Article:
Background: Sandro Boticelli was born in 1445 in the city of Florence in a house in the Via Nuova, Borg’Ognissanti. Alessandro di Mariano di Vanni Filipepi, better known as Sandro Botticelli (c. 1445 – May 17, 1510), was an Italian painter of the Early Renaissance. He belonged to the Florentine school under the patronage of Lorenzo de’ Medici, a movement that Giorgio Vasari would characterize less than a hundred years later as a “golden age”, a thought, suitably enough, he expressed at the head of his Vita of Botticelli. Botticelli’s posthumous reputation suffered until the late 19th century; since then his work has been seen to represent the linear grace of Early Renaissance painting. Among his best known works are The Birth of Venus and Primavera.
Education: There are very few details of Botticelli’s life, but it is known that he became an apprentice when he was about fourteen years old, which would indicate that he received a fuller education than other Renaissance artists. Probably by 1462 he was apprenticed to Fra Filippo Lippi; many of his early works have been attributed to the elder master, and attributions continue to be uncertain. Influenced also by the monumentality of Masaccio’s painting, it was from Lippi that Botticelli learned a more intimate and detailed manner. As recently discovered, during this time, Botticelli could have traveled to Hungary, participating in the creation of a fresco in Esztergom, ordered in the workshop of Filippo Lippi by János Vitéz, then archbishop of Hungary.
By 1470, Botticelli had his own workshop. Even at this early date, his work was characterized by a conception of the figure as if seen in low relief, drawn with clear contours, and minimizing strong contrasts of light and shadow which would indicate fully modeled forms.
Achievements: The Adoration of the Magi for Santa Maria Novella (c. 1475–1476, now at the Uffizi), contains the portraits of Cosimo de Medici, his sons Piero and Giovanni, and his grandsons Lorenzo and Giuliano. The quality of the scene was hailed by Vasari as one of Botticelli’s pinnacles.
Primavera (c. 1482): icon of the springtime renewal of the Florentine Renaissance, also at the summer palazzo of Pierfrancesco de’ Medici, as a companion piece to the Birth of Venus and Pallas and the Centaur. Left to right: Mercury, the Three Graces, Venus, Flora, Chloris, Zephyrus.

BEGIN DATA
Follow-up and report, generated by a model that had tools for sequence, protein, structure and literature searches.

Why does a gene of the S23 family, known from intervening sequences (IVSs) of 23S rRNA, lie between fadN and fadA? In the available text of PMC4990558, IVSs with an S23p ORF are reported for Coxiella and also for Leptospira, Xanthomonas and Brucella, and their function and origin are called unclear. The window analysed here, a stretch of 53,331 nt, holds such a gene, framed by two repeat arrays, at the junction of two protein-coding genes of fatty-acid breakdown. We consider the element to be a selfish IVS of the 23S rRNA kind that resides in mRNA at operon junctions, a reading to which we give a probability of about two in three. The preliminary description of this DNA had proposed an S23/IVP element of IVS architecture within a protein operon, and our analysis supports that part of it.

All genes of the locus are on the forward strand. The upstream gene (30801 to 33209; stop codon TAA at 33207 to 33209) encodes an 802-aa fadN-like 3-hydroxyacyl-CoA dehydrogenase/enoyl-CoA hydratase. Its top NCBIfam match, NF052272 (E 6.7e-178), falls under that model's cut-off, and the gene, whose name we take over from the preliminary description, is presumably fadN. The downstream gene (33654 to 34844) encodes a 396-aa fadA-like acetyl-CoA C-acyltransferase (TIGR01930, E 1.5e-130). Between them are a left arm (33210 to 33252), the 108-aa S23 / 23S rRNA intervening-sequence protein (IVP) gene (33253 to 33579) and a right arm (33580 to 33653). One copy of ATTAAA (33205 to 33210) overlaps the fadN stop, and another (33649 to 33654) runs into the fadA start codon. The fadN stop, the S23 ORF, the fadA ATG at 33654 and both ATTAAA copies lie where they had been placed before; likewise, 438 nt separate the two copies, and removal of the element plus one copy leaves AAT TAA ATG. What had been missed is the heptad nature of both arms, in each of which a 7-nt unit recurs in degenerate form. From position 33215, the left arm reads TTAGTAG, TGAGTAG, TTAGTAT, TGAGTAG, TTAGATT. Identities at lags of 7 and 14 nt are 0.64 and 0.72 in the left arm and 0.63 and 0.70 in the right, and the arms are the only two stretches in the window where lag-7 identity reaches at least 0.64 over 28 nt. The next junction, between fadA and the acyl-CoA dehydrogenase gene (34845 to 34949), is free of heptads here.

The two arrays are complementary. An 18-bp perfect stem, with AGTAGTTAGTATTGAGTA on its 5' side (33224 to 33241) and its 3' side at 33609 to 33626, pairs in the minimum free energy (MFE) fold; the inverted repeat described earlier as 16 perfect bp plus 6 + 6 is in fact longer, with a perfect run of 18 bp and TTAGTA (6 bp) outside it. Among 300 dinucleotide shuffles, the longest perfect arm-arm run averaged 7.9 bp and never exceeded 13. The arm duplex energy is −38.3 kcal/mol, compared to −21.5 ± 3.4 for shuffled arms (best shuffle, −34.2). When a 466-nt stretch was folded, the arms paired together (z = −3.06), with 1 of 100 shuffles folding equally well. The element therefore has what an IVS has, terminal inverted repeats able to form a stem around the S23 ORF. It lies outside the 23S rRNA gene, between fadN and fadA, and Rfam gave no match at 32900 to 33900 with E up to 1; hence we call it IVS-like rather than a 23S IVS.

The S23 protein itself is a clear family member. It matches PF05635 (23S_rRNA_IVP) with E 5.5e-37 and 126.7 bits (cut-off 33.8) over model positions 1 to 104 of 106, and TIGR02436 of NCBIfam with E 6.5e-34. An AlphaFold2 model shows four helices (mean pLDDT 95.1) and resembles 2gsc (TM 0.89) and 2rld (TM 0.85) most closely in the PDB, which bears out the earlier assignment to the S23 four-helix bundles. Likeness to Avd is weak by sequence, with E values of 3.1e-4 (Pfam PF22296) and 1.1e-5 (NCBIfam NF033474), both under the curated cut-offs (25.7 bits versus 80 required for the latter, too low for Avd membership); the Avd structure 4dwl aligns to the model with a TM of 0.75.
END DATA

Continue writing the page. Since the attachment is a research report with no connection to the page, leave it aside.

“Like much of Florence, Botticelli had come under the sway of Savonarola and his art had transformed from the decorative to the deeply devout – The Mystical Nativity (c. 1500-1501) [for example] bears all the signs of this change”
In 1481, Pope Sixtus IV summoned Botticelli and other prominent Florentine and Umbrian artists to fresco the walls of the Sistine Chapel. The iconological program was the supremacy of the Papacy. Sandro’s contribution included the Temptations of Christ, the Punishment of the Rebels and Trial of Moses. He returned to Florence, and “being of a sophistical turn of mind, he there wrote a commentary on a portion of Dante and illustrated the Inferno which he printed, spending much time over it, and this abstention from work led to serious disorders in his living.” Thus Vasari characterized the first printed Dante (1481) with Botticelli’s decorations; he could not imagine that the new art of printing might occupy an artist.
The masterpieces Primavera (c. 1482) and The Birth of Venus (c. 1485) were both seen by Vasari at the villa of Lorenzo di Pierfrancesco de’ Medici at Castello in the mid-16th century, and until recently, it was assumed that both works were painted specifically for the villa. Recent scholarship suggests otherwise: the Primavera was painted for Lorenzo’s townhouse in Florence, and The Birth of Venus was commissioned by someone else for a different site. By 1499, both had been installed at Castello.
In these works, the influence of Gothic realism is tempered by Botticelli’s study of the antique. But if the painterly means may be understood, the subjects themselves remain fascinating for their ambiguity. The complex meanings of these paintings continue to receive widespread scholarly attention, mainly focusing on the poetry and philosophy of humanists who were the artist’s contemporaries. The works do not illustrate particular texts; rather, each relies upon several texts for its significance. Of their beauty, characterized by Vasari as exemplifying “grace” and by John Ruskin as possessing linear rhythm, there can be no doubt.
In the mid-1480s, Botticelli worked on a major fresco cycle with Perugino, Domenico Ghirlandaio and Filippino Lippi, for Lorenzo the Magnificent’s villa near Volterra; in addition he painted many frescoes in Florentine churches. In 1491 he served on a committee to decide upon a façade for the Cathedral of Florence.